La Plaza Park

LaPlazaPark

 |  Photo: Yuri Hasegawa

Los Angeles Plaza Park



Located at the heart of El Pueblo de Los Angeles Historical Monument, Los Angeles Plaza Park (aka Father Serra Park) is the site of numerous festivals and celebrations. Built in the 1820s, the plaza was at one time the city's commercial and social center. The plaza has three statues of important figures in L.A. history: King Carlos III of Spain, the monarch who ordered the founding of the Pueblo de Los Angeles in 1780; Felipe de Neve, the Spanish Governor of the Californias who selected the site of the Pueblo and laid out the town; and Father Junípero Serra, founder and first head of the Alta California missions. The plaza itself is a monument to L.A.’s original 44 settlers (Los Pobladores) and the four soldiers who accompanied them. A large plaque that lists their names and later plaques dedicated to the individual 11 families were placed in the ground encircling the gazebo at the center of the plaza.

la Placita Church

La Placita

La Placita Church



The parish church in the Plaza Historic District was founded as La Iglesia de Nuestra Señora la Reina de Los Ángeles ("The Church of Our Lady the Queen of the Angels") on Aug. 18, 1814. The structure was completed and dedicated on Dec. 8, 1822. A replacement chapel, named La Iglesia de Nuestra Señora de los Ángeles (“The Church of Our Lady of the Angels") was rebuilt in 1861 using materials from the original church. La Placita Church was one of the first three sites designated as Historic Cultural Monuments by the City of Los Angeles and has been designated as a California Historical Landmark.

La Plaza de Cultura y Artes

La Plaza de Cultura y Artes

 |  Photo: Yuri Hasegawa

LA Plaza de Cultura y Artes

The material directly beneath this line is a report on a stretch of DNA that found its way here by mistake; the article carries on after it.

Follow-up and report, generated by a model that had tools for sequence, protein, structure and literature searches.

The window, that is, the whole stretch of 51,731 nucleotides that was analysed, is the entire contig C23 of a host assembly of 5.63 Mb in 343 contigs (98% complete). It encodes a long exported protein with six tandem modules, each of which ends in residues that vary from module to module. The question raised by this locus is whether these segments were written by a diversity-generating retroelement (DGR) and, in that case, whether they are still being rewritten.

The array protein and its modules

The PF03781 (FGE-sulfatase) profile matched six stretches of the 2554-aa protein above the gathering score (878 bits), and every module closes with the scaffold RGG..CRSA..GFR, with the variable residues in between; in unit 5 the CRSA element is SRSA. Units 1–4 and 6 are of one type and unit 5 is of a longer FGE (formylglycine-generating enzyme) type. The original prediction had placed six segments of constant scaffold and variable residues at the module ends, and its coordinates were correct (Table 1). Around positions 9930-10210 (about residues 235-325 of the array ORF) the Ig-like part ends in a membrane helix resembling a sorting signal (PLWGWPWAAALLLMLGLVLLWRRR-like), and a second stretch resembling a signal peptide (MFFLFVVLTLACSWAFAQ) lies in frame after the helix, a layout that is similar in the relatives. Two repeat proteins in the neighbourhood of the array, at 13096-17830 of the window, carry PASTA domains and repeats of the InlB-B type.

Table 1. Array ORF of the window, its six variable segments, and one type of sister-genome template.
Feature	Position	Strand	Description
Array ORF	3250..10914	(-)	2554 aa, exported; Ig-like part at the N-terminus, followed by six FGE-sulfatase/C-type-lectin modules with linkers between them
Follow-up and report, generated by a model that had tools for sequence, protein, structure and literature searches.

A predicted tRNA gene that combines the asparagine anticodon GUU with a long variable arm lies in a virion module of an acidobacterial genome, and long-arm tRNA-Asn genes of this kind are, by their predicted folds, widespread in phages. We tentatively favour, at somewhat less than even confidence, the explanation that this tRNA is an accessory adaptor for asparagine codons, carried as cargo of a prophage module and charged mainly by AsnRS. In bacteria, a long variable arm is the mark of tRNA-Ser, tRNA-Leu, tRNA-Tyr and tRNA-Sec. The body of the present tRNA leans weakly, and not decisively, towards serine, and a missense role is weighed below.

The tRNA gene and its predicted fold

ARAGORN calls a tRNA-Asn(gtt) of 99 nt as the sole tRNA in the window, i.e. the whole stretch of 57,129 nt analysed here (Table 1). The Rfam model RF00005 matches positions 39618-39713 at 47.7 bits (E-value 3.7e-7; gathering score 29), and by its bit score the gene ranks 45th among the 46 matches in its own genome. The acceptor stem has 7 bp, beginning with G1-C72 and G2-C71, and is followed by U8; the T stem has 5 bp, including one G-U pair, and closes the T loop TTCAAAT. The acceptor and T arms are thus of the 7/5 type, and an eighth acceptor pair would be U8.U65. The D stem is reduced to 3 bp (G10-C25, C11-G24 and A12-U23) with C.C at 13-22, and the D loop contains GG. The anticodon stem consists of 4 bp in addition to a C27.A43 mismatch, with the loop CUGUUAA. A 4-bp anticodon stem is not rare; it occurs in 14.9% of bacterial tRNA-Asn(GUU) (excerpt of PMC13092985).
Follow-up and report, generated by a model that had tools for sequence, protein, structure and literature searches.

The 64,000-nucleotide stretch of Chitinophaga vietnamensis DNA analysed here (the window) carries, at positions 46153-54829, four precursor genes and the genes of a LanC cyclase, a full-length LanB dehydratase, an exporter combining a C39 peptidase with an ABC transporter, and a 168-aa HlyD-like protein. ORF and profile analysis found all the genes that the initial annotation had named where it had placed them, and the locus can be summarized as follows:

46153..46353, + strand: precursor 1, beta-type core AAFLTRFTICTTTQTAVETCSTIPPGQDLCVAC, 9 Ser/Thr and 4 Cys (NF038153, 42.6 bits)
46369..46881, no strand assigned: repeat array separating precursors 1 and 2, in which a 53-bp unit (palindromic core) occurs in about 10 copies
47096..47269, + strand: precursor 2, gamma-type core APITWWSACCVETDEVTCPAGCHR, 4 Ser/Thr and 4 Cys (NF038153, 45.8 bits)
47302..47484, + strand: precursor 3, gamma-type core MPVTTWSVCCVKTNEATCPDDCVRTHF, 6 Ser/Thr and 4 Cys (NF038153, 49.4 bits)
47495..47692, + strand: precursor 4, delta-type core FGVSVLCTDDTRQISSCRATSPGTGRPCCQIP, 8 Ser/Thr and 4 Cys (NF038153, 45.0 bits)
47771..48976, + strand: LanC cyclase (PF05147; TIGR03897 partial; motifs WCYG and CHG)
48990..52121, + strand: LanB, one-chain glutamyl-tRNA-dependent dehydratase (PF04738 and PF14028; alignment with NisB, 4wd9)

The 2.2-acre LA Plaza de Cultura Y Artes campus includes two historic and newly renovated buildings (the Vickrey-Brunswig Building and Plaza House) that are surrounded by 30,000 square feet of public gardens. At LA Plaza, visitors can learn about the founding story of Los Angeles with interactive exhibits that focus on exploring Mexican and Mexican-American identity. “Voces Vivas” is a growing collection of video testimonials produced by LA Plaza staff, featuring Latino residents who tell their stories and struggles with cultural identity. On the top floor, “Calle Principal” reconstructs a typical main street in the 1920s. Visitors are invited to dress up in clothes from a department store, mix and crush herbs in a pharmacy and listen to a corrido, a traditional Mexican ballad.

Pico House

Pico House

 |  Photo: Yuri Hasegawa

The Pico House



The Pico House was built as a luxury hotel from 1869 to 1870 by businessman Pío Pico, the last Mexican Governor of Alta California. Located on Main Street across Los Angeles Plaza from Olvera Street, the Italianate-style Pico House was considered the most extravagant and lavish hotel in Southern California. In the hotel’s heyday the courtyard featured a fountain and an aviary of exotic birds. The back of the hotel faces Sanchez Street, where the large gate used by supply wagons and other large vehicles can still be seen. The rear of the landmark Pico House is frequently seen in the CBS TV series, The Mentalist as the headquarters of the fictional California Bureau of Investigation. The Pico House is listed as a California Historical Landmark (No. 159) and a National Historic Landmark as a part of the Los Angeles Plaza Historic District.

Old Plaza Firehouse

Old Plaza Firehouse

 |  Photo: Yuri Hasegawa

The Old Plaza Firehouse



The Old Plaza Firehouse is the oldest fire station in the city. The first occupants of the firehouse were called the Volunteer 38s, after the number of men in Engine Company No. 1. Built in 1884, it operated as a firehouse until 1897. In later incarnations, the building was used as a saloon, cigar store, poolroom, "seedy hotel," Chinese market, "flop house" and drugstore. The building was restored in the 1950s and opened as a firefighting museum in 1960 with displays of helmets, photos and firefighting equipment of the late 19th and early 20th centuries.

Chinese American Museum Entrance

Chinese American Museum Entrance

 |  Photo: Yuri Hasegawa

Chinese American Museum



The Chinese American Museum (CAM) is the first museum in Southern California dedicated to examining the United States of America’s cultural and ethnic diversity by sharing the Chinese American experience and history. Housed in the Garnier Building, the last surviving structure of L.A.’s original Chinatown, CAM seeks to foster a deeper understanding and appreciation of the rich cultural legacy and continuing contributions of Chinese Americans in Los Angeles. The permanent exhibit, Origins: The Birth and Rise of Chinese American Communities in Los Angeles provides insight into the growth and development of Chinese American enclaves from Downtown Los Angeles to the San Gabriel Valley.